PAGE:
Universal Limited Art Editions Lithograph.
Printer - Robert Blackburn.
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Jasper Johns Survey to Open at Belger Arts Center
March 3 - September 2, 2017
Opening Reception, Friday, March 3, 2017, 6-9 PM
Belger Arts Center
2100 Walnut Street, Kansas City, MO 64108
In 1960 Tatyana Grosman, founder of Universal Limited Art Editions (ULAE), invited the young artist Jasper Johns to work at her lithography printshop on Long Island. Johns' friend Robert Rauschenberg advised against the project, saying the mid-twentieth century was no time for artists to be writing on rocks. After a few ground-breaking projects for Johns, Rauschenberg also began producing prints at ULAE. And American printmaking was never the same.
On March 3, 2017, “Jasper Johns: Prints” will begin a six-month run at the Belger Arts Center. Dozens of prints, covering 40 years of the artist's output will be on display. All the prints are in the Belger Collection, which was started when Dick Belger bought “Fragment: According to What (Coat Hanger and Spoon)” in 1971. Eventually Belger added Johns' first two prints with ULAE, “Target” and “0-9”, to the collection. “Target” and “0-9” were done in collaboration with the legendary African-American printmaker, Robert Blackburn. Belger continued to track Johns’ prolific print career into the 21st century.
The prints were last shown publicly in Kansas City in 2007 during the Southern Graphics Council conference. In the last decade the prints have been exhibited at the Phillips Collection in Washington, DC., plus additional arts venues in Florida, New York, and Johns' home state South Carolina. Since the summer of 2012 the prints have been in storage in Kansas City.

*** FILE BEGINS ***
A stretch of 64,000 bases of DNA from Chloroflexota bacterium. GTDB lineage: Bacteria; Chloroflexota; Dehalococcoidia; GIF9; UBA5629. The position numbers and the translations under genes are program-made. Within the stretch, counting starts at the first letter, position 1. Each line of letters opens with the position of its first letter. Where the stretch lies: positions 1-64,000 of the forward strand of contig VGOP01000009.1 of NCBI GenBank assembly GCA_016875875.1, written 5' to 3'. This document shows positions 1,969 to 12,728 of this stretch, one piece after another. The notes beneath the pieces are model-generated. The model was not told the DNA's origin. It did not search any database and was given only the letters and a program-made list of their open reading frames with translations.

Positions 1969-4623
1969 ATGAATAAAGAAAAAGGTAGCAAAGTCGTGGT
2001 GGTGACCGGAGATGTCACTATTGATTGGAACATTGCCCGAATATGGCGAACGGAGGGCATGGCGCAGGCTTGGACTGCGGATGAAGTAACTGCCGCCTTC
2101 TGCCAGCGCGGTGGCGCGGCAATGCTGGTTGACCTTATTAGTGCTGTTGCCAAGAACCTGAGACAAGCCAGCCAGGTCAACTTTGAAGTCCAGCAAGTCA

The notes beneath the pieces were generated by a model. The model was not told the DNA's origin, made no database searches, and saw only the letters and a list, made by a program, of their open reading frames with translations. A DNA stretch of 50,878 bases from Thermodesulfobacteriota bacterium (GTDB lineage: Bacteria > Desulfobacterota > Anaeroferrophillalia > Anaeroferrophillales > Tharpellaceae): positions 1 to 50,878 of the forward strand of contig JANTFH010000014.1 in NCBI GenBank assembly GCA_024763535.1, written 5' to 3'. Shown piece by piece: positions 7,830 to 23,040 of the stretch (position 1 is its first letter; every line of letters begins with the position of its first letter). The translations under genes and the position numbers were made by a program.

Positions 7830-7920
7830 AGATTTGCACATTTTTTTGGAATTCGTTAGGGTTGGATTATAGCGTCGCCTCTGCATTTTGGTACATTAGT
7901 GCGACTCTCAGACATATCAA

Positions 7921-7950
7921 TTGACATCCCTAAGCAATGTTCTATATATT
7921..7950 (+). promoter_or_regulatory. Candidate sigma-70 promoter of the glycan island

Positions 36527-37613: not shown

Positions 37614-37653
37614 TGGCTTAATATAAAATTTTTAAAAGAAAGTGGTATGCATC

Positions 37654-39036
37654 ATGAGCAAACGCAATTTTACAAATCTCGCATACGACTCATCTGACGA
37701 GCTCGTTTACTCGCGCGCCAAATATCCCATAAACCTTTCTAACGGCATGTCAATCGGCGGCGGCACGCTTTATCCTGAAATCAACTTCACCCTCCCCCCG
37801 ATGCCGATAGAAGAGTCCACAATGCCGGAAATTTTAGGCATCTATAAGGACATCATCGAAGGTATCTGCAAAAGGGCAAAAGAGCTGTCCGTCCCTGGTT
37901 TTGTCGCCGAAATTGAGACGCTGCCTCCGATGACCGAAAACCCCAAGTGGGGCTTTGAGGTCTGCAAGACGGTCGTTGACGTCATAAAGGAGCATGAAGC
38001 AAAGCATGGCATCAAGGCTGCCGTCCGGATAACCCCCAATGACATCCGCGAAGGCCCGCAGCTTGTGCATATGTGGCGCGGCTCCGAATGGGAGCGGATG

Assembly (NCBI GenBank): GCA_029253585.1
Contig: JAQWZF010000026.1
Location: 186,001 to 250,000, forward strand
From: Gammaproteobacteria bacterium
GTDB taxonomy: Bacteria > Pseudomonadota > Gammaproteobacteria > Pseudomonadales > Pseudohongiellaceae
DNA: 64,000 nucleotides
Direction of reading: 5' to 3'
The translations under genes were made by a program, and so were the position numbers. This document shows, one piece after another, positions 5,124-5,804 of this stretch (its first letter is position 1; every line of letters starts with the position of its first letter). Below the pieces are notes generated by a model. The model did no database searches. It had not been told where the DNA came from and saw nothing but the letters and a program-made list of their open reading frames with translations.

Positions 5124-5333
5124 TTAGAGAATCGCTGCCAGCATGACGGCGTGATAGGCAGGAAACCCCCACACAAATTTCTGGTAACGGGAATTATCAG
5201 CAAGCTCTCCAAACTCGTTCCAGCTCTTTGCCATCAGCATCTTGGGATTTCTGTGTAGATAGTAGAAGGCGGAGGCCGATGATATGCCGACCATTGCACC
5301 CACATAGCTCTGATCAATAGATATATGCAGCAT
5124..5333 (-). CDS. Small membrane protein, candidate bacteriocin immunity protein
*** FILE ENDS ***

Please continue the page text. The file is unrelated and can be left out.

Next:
ULAE is not the only print shop represented in this exhibition. GEMINI G.E.L of Los Angeles is also represented, including a set of six lead-reliefs created in the late 1960s. Due to the sensitive surface of the leads, they are rarely loaned to exhibitions. “Jasper Johns: Prints” will also include mezzotints, intaglios, and silkscreened images.
In the mid-1950s, after a stint in the US Army, Johns began creating a body of work featuring familiar imagery such as flags, numbers, and targets. This imagery was a strong departure from the popular abstract expressionism. During this time, he supported himself doing window displays for a department store. Three years of intensive studio exploration lead to Johns' first solo exhibition, with the Leo Castelli Gallery. The show of paintings and sculpture was a sensation and the Museum of Modern Art took three pieces. That night Johns grabbed his former art teacher from the University of South Carolina, Catherine Rembert, and danced in the gallery. By 1959 Time magazine called Johns “the brand-new darling of the art world's bright, brittle avant-garde.” He would go on to become one of the true giants of American art.
The Belger Arts Center opened in March of 2000 and has welcomed more than 100,000 visitors from around the world. The Belger Crane Yard Studios joined the Belger Arts family tree in 2013 and provides galleries and studio space for more than 60 artists in the East Crossroads Arts District. For more information contact Belger Arts Gallery Assistant Mo Dickens at firstname.lastname@example.org.